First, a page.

Free Burma Coalition
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The Free Burma Coalition was created in 1995 as an umbrella organization for the Free Burma movement. Under the leadership of Zarni, then a graduate student at University of Wisconsin–Madison, it galvanized principally American students, attracted much media attention, and helped force over forty multinational corporations to withdraw from Burma, including ARCO, PepsiCo, and Texaco.
The Free Burma Coalition became one of the largest and most effective human rights campaigns in the world, linking groups and individuals across many countries at its height.[dubious ] It used the boycott of Pepsi to highlight corporate complicity in human rights abuses by the military regime in Burma.
On April 26, 1996, USA Today published a cover story about the Free Burma Coalition with a front page picture of Zarni. Ralph Nader dubbed the Free Burma Coalition a "model citizens' activist movement."
From 1995 to 1997, the Free Burma Coalition took over the leadership of the existing boycott of Pepsi. Free Burma Coalition activists ramped up the pressure on PepsiCo until 1997 when the company completely severed its remaining business ties in Burma. The Free Burma Coalition also campaigned successfully for the withdrawal of over forty corporations from Burma, including many apparel companies and several oil companies, such as ARCO, Unocal, and Texaco.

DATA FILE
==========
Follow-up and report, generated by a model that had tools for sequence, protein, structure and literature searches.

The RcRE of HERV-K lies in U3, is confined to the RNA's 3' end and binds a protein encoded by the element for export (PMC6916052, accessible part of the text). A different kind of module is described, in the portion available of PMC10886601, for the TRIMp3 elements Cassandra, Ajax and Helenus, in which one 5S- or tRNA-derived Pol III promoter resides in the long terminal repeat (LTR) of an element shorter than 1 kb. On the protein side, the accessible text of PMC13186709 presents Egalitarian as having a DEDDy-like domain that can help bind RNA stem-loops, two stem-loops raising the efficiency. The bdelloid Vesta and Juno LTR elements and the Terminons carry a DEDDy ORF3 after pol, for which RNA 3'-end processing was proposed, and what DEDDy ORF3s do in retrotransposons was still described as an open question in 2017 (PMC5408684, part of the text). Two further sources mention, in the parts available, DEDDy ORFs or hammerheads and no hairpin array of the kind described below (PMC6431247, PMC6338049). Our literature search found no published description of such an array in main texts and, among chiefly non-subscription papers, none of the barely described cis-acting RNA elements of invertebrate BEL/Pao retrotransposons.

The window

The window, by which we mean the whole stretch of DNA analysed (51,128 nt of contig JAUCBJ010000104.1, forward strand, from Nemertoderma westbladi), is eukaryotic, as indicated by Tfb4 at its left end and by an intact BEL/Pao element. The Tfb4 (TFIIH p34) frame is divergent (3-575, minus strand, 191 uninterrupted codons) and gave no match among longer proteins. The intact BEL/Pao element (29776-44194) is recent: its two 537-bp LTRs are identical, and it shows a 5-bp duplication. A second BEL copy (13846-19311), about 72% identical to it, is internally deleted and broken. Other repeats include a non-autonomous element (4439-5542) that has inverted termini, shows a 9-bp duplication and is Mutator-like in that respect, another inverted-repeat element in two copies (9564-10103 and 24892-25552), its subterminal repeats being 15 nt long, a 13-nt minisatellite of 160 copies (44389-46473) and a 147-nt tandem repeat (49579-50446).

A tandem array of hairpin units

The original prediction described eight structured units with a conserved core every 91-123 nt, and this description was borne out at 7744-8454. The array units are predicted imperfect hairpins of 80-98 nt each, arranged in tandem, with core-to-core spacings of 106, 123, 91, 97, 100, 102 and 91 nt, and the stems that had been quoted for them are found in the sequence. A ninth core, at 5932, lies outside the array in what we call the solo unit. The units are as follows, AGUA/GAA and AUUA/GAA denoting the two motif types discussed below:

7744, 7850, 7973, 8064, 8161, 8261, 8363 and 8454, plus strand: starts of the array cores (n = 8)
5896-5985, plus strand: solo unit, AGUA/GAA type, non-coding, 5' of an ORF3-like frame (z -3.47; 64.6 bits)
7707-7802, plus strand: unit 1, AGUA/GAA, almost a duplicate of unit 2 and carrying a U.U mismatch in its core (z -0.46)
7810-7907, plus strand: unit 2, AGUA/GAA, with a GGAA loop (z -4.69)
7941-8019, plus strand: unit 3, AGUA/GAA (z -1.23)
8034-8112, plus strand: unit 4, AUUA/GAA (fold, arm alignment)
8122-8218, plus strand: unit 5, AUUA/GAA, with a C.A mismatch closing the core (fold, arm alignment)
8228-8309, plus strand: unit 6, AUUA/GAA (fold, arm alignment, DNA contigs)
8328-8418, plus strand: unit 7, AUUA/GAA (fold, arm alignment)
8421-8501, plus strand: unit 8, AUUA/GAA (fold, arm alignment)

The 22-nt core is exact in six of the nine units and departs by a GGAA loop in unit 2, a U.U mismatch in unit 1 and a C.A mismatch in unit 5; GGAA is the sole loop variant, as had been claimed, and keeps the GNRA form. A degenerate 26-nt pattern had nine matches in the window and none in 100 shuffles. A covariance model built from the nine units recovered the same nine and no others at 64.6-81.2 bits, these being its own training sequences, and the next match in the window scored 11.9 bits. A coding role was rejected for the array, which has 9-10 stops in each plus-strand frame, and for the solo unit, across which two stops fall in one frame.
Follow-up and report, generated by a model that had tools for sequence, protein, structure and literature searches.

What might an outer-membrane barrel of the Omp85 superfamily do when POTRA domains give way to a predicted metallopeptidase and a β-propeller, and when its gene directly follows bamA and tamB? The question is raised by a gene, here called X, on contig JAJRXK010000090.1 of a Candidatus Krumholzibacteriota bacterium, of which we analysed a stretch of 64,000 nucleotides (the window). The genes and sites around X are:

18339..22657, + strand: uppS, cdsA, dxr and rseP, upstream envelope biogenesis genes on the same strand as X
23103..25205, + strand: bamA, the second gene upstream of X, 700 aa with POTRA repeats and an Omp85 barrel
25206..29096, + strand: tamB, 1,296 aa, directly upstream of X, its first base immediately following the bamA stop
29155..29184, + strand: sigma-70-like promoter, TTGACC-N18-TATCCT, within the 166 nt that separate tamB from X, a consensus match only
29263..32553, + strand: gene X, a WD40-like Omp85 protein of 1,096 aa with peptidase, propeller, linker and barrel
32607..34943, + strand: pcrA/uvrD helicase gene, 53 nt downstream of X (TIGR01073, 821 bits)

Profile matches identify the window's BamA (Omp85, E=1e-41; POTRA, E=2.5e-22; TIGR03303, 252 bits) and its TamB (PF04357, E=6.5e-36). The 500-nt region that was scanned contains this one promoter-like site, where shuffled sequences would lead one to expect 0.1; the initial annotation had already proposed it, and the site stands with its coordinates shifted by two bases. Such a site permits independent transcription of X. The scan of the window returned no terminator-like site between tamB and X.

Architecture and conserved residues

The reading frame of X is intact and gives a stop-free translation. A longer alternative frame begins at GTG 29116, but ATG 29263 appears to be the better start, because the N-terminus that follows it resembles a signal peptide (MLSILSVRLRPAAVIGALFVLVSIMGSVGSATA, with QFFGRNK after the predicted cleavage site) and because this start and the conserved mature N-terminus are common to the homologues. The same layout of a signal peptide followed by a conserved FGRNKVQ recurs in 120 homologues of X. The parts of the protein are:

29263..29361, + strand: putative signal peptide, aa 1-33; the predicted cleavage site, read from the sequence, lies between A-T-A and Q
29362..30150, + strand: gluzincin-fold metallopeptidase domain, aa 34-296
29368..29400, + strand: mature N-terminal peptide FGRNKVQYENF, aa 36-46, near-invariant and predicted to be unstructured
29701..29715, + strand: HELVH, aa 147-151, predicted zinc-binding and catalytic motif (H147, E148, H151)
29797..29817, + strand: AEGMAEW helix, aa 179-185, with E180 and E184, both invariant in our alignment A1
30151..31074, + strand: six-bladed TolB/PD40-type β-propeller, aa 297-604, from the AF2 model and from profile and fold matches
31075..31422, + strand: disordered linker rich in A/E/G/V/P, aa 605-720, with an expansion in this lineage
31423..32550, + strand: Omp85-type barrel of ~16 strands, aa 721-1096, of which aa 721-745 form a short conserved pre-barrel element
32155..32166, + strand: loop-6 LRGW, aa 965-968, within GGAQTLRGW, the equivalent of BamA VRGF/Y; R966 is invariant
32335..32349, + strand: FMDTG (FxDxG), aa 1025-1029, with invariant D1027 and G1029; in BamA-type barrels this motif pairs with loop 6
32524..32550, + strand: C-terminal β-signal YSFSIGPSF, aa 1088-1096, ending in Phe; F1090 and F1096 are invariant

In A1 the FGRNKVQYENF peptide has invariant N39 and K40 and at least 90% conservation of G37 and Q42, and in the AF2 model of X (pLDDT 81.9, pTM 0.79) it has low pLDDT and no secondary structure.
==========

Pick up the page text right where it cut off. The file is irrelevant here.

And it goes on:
In 2003, Zarni started to express publicly his growing disillusionment with Aung San Suu Kyi's leadership and her policy of sanctions and boycotts. He also attacked what he viewed as the "self-serving ways" of many of his former fellow activists in the Free Burma Coalition and the movement in general.
Zarni and a group of Western-educated Burmese dissidents explored alternatives to what they termed as "the sanctions and boycott orthodoxy." In 2003, Zarni switched his position and started to claim that economic sanctions and political pressure by Western countries on Burma was counter-productive and futile as long as China, India, Thailand and other Asian countries continued to do business with and provide political support to the ruling regime.
Following Zarni's change in policy, the staff and virtually all the group's supporters and funders left the Free Burma Coalition and founded the U.S. Campaign for Burma, which maintains the Free Burma Coalition's mission and policies.
The Free Burma Coalition is now largely moribund, with Zarni as the organization's sole spokesperson.
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